AEA Minneapolis

An Event Apart Minneapolis 2010.

An Event Apart, the design conference for people who make websites, has posted its Minneapolis 2010 schedule. Join Eric Meyer and me and ten amazing guest speakers on July 26-27, 2010 for two great days of design, code, and content:

Monday, July 26


Put Your Worst Foot Forward

Jeffrey Zeldman, author, Designing With Web Standards, 3rd Ed.

Nothing teaches like failure. Web standards godfather and An Event Apart cofounder Jeffrey Zeldman shares some of his biggest blunders as a designer, entrepreneur, and creative director, and how each mistake taught him to be better at what he does. Study what the problem was and why the mistake seemed like the right answer at the time; see why it turned out to be a really bad idea after all; and learn the great positive lesson each mistake taught.


DIY UX: Give Your Users an Upgrade

Whitney Hess, Strategic Partner, Happy Cog

Have you fallen in love with your solution and forgotten the original problem? Are you certain that your product actually makes people’s lives better? Not every company can hire someone like me to help you listen to your users, so you’re gonna have to learn how to do some of this stuff yourself. I’ll show you techniques to find out who your users are, what they really need and how to go about giving it to them in an easy to use and pleasurable way. And it doesn’t have to bankrupt you or kill your release date.


The CSS3 Experience

Dan Cederholm, author, Bulletproof Web Design and Handcrafted CSS

In a fast-paced hour of design ideas and techniques, learn how advanced CSS and CSS3 can add richness to your site’s experience layer, and discover the role CSS3 can play in enhancing interactivity.

12:30pm–2:00pm: LUNCH


Mobile First!

Luke Wroblewski, author, Web Form Design

More often than not, the mobile experience for a web application or site is designed and built after the PC version is complete. Learn the three reasons web applications should be designed for mobile first instead: mobile is exploding; mobile forces you to focus; and mobile extends your capabilities.


Learning To Love Humans—Emotional Interface Design

Aarron Walter, author, Building Findable Websites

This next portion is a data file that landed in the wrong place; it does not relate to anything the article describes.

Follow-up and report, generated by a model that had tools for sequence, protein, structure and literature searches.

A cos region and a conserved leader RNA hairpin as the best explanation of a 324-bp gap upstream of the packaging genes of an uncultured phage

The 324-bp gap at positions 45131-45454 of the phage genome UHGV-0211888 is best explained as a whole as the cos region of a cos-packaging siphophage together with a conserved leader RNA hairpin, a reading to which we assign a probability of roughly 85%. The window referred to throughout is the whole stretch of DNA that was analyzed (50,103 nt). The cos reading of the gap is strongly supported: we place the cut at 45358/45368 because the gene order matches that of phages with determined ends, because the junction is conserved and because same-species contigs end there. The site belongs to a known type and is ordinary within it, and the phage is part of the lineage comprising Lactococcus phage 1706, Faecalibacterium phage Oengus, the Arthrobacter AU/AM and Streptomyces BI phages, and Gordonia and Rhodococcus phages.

Humans, though cute and cuddly, are not without their flaws, which makes it a challenge to design for them. By understanding how the wet, mushy processor works in these hairy little devils, you can design interfaces and web experiences that will have them hopelessly devoted to your brand. Aarron will introduce you to the emotional usability principle—a design axiom that identifies a strong connection between human emotion and perceived usability. Through real-world examples, you’ll learn practical interface design techniques that will make your sites and applications more engaging to the humans they serve.


Anatomy of a Design Decision

Jared Spool, Founder, User Interface Engineering

What separates a good design from a bad design are the decisions that the designer made. Jared will explore the five styles of design decisions, showing you when gut instinct produces the right results and when designers need to look to more user-focused research.


Opening Night Party

Sponsored by (mt) Media Temple

Media Temple’s opening night parties for An Event Apart are legendary. Join the speakers and hundreds of fellow attendees for great conversation, lively debate, loud music, hot snacks, and a seemingly endless stream of grown-up beverages. Venue details will be announced soon.

Tuesday, July 27


Everything Old Is New Again

Eric Meyer, author, CSS: The Definitive Guide, 3rd Ed.

Faux columns. Sliding doors. Image replacement. We rely on these techniques on a near-daily basis, but how will they be affected by the expanding vocabulary of CSS3? Will they be reworked, slimmed down, or abandoned altogether? An Event Apart cofounder and CSS mastermind Eric Meyer pulls some old standbys out of the toolbox and applies the capabilites of CSS3 to see how they can be made leaner, meaner, and more powerful.


Paranormal Interactivity

Jeremy Keith,
author, DOM Scripting

Interaction is the secret sauce of the web. Understanding interaction is key to understanding the web as its own medium—it’s not print, it’s not television, and it’s certainly not the desktop. Find out how to wield HTML, CSS, and JavaScript to craft experiences that are native to the web.


Patterns, Components, and Code, Oh My!

Erin Malone, co-author, Designing Social Interfaces